Skip to main content

Military Health System

Important Notice about Pharmacy Operations

Change Healthcare Cyberattack Impact on MHS Pharmacy Operations. Read the statement to learn more. 

On National Concussion Awareness Day, Learn the Truth about TBI

Image of A mountain biker wearing a helmet bikes through hard terrain. On a monthly average, more than 1,000 service members are diagnosed with a first-time concussion. Most of them happen during recreational or routine training activities (Photo by: Senior Airman Chance Nardone, 52nd Fighter Wing Public Affairs, Mehring, RP, Germany)

Some service members might call a hard hit to the head having your bell rung, getting knocked out, or seeing stars. Your doctor calls it something else: a traumatic brain injury.

National Concussion Day is Sept. 16, bringing awareness to TBIs, signs and symptoms, the impact to the military community, and how to get help.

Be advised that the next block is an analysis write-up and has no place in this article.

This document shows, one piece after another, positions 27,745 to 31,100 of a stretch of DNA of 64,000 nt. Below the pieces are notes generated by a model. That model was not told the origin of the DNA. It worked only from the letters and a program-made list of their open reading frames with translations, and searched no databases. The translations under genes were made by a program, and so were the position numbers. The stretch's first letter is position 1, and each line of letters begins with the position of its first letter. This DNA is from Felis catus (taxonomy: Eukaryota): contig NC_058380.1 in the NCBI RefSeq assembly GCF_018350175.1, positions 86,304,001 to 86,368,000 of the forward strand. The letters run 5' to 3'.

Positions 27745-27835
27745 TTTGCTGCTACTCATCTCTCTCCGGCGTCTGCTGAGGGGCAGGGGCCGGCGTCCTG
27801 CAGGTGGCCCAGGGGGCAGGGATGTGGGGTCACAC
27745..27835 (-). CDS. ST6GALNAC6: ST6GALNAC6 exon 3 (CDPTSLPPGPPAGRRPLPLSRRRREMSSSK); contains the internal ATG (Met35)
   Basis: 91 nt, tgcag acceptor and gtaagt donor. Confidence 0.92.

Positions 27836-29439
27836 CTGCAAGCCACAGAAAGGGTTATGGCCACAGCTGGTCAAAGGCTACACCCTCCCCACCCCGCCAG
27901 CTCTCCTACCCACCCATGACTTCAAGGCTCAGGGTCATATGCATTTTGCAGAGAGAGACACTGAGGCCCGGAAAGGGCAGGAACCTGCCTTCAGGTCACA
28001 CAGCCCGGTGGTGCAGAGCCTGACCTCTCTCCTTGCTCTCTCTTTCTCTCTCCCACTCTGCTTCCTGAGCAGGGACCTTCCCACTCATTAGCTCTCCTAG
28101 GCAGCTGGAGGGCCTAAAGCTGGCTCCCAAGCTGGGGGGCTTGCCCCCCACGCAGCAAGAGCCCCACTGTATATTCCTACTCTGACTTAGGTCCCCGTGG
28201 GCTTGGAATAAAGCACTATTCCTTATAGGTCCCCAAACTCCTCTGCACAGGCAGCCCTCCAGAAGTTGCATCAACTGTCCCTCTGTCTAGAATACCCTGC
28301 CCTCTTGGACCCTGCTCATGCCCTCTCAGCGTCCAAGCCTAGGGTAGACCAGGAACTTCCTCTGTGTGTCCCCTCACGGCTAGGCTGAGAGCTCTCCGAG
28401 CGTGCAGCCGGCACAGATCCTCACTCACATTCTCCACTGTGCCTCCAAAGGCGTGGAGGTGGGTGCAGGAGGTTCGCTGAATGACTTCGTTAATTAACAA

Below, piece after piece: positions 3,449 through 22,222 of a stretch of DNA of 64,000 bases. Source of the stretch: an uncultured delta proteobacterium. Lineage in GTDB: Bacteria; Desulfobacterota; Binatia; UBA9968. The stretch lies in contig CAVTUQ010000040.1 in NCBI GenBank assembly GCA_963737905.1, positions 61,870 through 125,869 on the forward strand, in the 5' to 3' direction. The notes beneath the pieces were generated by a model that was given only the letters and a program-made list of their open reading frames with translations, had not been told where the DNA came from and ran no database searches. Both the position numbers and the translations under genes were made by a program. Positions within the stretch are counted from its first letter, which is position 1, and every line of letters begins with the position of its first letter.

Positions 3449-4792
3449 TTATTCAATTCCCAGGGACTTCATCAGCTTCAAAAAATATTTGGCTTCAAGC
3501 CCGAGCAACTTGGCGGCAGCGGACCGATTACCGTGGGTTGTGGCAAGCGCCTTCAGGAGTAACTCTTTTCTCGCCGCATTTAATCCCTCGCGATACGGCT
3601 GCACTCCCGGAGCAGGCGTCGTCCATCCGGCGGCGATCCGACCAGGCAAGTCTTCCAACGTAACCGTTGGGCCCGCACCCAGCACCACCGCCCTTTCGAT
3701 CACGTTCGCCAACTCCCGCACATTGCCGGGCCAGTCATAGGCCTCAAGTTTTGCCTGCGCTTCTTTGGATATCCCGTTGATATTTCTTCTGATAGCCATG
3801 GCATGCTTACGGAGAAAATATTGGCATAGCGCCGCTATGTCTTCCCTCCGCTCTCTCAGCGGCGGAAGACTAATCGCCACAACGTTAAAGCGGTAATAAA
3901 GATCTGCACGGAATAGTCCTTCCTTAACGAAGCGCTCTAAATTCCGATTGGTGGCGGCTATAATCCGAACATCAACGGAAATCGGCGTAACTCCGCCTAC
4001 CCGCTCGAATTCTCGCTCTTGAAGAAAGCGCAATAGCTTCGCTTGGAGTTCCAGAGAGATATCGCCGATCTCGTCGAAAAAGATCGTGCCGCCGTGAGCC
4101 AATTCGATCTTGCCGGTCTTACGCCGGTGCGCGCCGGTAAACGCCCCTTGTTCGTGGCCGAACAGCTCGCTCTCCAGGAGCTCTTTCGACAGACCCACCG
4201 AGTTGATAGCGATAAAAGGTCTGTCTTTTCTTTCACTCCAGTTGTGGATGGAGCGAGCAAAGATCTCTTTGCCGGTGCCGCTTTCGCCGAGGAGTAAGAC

A TBI is the disruption of normal brain function caused by a jolt or blow to the head, and the military population is especially susceptible. Nearly 459,000 service members worldwide were diagnosed with a first-time TBI from 2000 through the first quarter of 2022, according to the Traumatic Brain Injury Center of Excellence, which tracks multiple TBI-related data points for the Department of Defense. Concussion—also known as mild TBI—accounts for over 80% of these injuries, making it by far the most common type of active-duty TBI. 

A diagnosis of TBI requires a medical exam. With a population that has volunteered to put their lives on the line to protect and defend, it may be tempting to prioritize the mission over medicine, downplaying or ignoring any symptoms. 

Retired Marine Corps Capt. William Greeson, who was treated for brain injury at the end of a long military career, says this attitude is especially true for what he calls “military alphas.”